According to Akamai, 83% of internet traffic is API-based. This tremendous adoption of APIs as the vehicle for internet traffic has led to an increase in attacks to API endpoints. In fact, research by Gartner shows that by 2022, 90% of cyber attacks will target APIs.

While it’s possible to secure APIs on the client end, and there are indeed plenty of security technologies to scan, firewall, and protect web apps and APIs, the thing is that APIs aren’t just powering our web and mobile interfaces. They’re also exposed as public APIs or externally visible APIs that customers and partners can integrate with. While they enable an unparalleled level of connectivity, they also present a backdoor for attackers.

APIs offer direct access to the most sensitive backend data, so if a cyber attacker has been able to gain access to the API layer, it has bypassed a lot of the security controls and now has access to sensitive data. However, APIs cannot be secured in the same way as other applications. Standard security prevention methods that protect against other vulnerabilities like SQL injections or cross-site scripting don’t hold up against threats that attack API logic.

When hackers search for flaws in application logic, they don’t rely on basic injection attacks. These logic flaws can be damaging to APIs and lead to massive amounts of personally identifiable information (PII) data being lost.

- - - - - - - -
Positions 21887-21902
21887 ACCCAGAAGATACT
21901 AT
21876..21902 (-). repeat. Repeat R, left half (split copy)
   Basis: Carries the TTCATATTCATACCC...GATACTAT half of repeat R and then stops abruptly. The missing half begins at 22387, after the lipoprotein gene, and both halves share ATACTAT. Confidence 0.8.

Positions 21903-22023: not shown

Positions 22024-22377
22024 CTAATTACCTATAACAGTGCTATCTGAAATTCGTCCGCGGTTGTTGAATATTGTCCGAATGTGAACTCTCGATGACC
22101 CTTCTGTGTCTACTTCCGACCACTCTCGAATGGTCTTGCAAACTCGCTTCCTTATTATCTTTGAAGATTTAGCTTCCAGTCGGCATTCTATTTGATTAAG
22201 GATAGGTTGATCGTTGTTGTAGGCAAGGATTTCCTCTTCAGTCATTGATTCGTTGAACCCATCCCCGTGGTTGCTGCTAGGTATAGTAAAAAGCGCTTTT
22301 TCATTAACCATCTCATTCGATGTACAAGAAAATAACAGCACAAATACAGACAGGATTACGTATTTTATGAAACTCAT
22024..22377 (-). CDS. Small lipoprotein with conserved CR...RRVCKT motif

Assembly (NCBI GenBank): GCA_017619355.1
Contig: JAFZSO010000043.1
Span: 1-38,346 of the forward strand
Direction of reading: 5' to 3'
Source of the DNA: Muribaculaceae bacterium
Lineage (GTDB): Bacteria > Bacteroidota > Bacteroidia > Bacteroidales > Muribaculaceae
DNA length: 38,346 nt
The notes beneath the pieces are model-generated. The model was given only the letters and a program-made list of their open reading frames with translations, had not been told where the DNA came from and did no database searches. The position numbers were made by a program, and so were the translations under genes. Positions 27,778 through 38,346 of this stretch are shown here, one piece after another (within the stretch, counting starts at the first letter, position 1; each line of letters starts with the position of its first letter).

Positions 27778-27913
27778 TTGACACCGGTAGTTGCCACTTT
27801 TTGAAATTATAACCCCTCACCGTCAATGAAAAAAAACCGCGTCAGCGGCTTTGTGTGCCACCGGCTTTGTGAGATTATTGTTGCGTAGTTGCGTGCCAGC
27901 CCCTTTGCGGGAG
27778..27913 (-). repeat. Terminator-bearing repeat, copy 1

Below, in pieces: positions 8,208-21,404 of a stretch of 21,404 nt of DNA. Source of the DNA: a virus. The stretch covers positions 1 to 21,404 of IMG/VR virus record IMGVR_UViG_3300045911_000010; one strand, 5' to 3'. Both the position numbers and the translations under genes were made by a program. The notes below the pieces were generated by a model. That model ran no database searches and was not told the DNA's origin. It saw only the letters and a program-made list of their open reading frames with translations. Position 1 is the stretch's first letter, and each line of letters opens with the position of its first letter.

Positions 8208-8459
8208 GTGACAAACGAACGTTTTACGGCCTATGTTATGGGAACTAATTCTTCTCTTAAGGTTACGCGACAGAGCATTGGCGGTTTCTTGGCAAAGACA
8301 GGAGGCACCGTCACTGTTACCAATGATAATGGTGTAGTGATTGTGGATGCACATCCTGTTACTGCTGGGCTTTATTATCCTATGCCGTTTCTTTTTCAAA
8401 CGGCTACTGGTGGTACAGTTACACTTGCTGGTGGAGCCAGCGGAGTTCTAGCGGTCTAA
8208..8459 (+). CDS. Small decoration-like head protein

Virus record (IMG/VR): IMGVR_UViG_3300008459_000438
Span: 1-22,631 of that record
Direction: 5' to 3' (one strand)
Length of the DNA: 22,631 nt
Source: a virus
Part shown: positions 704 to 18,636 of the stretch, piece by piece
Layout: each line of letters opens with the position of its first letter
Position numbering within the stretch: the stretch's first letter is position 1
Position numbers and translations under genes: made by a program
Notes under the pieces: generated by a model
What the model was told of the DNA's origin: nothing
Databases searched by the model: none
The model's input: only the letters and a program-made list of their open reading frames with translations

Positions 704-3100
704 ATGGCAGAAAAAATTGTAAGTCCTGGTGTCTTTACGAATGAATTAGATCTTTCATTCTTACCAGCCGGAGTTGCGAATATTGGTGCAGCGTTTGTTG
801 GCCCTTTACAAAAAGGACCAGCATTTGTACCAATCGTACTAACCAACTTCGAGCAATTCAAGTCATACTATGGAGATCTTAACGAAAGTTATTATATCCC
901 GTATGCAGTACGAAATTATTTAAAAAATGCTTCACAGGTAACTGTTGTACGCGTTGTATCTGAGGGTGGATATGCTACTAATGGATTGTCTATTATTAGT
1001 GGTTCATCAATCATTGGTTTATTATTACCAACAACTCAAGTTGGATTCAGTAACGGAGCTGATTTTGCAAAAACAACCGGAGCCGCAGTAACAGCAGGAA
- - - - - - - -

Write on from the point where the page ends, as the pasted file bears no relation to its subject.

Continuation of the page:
DevSecOps ensures that security is integrated into every stage of the development journey and the app’s lifecycle, bolstering security across the development process, keeping APIs, the most sensitive point of entry, safe.

Learn about other API Security Best Practices by downloading our whitepaper.

Securing The API Lifecycle

You can secure your APIs at three points of their lifecycle: at design time, test time, and run time. We will cover two categories: security vulnerabilities and business logic flaws.

Design time

At design time, it is possible to run StaticAppSec testing to uncover code vulnerabilities, but you will get plenty of false positives because the app isn’t running yet.

Test time

You can run DynamicAppSec testing at test time, which is great for finding SQL injection vulnerabilities, cross-site, Denial of Service, and similar vulnerabilities. At test time, it is possible to run manual testing such as penetration tests.

Run time

At run time, it is possible to secure APIs by looking at their gateways and firewalls. By running these tests, you can find unknown APIs and anomalies. For example, by looking at normal traffic, it’s possible to find DDoS attacks and abnormal bot traffic, but this can introduce latency to the server.

Building a Plan for API Security Automation

API security automation takes a different approach to traditional security solutions. Here are some requirements:

Make It an Ongoing Process

First of all, API testing must be continuous and run all the time, against every build, not every few months by pen-testers. When testing is done so infrequently, it can leave gaps that hackers can exploit at any time.

Ensure Comprehensive Testing

Testing must be comprehensive and not simply include testing of a few critical endpoints as hackers can choose to attack at any instance. Therefore you have to get full coverage of the API, including every endpoint, attack method, variable and attack vector.

Identify Logic Flaws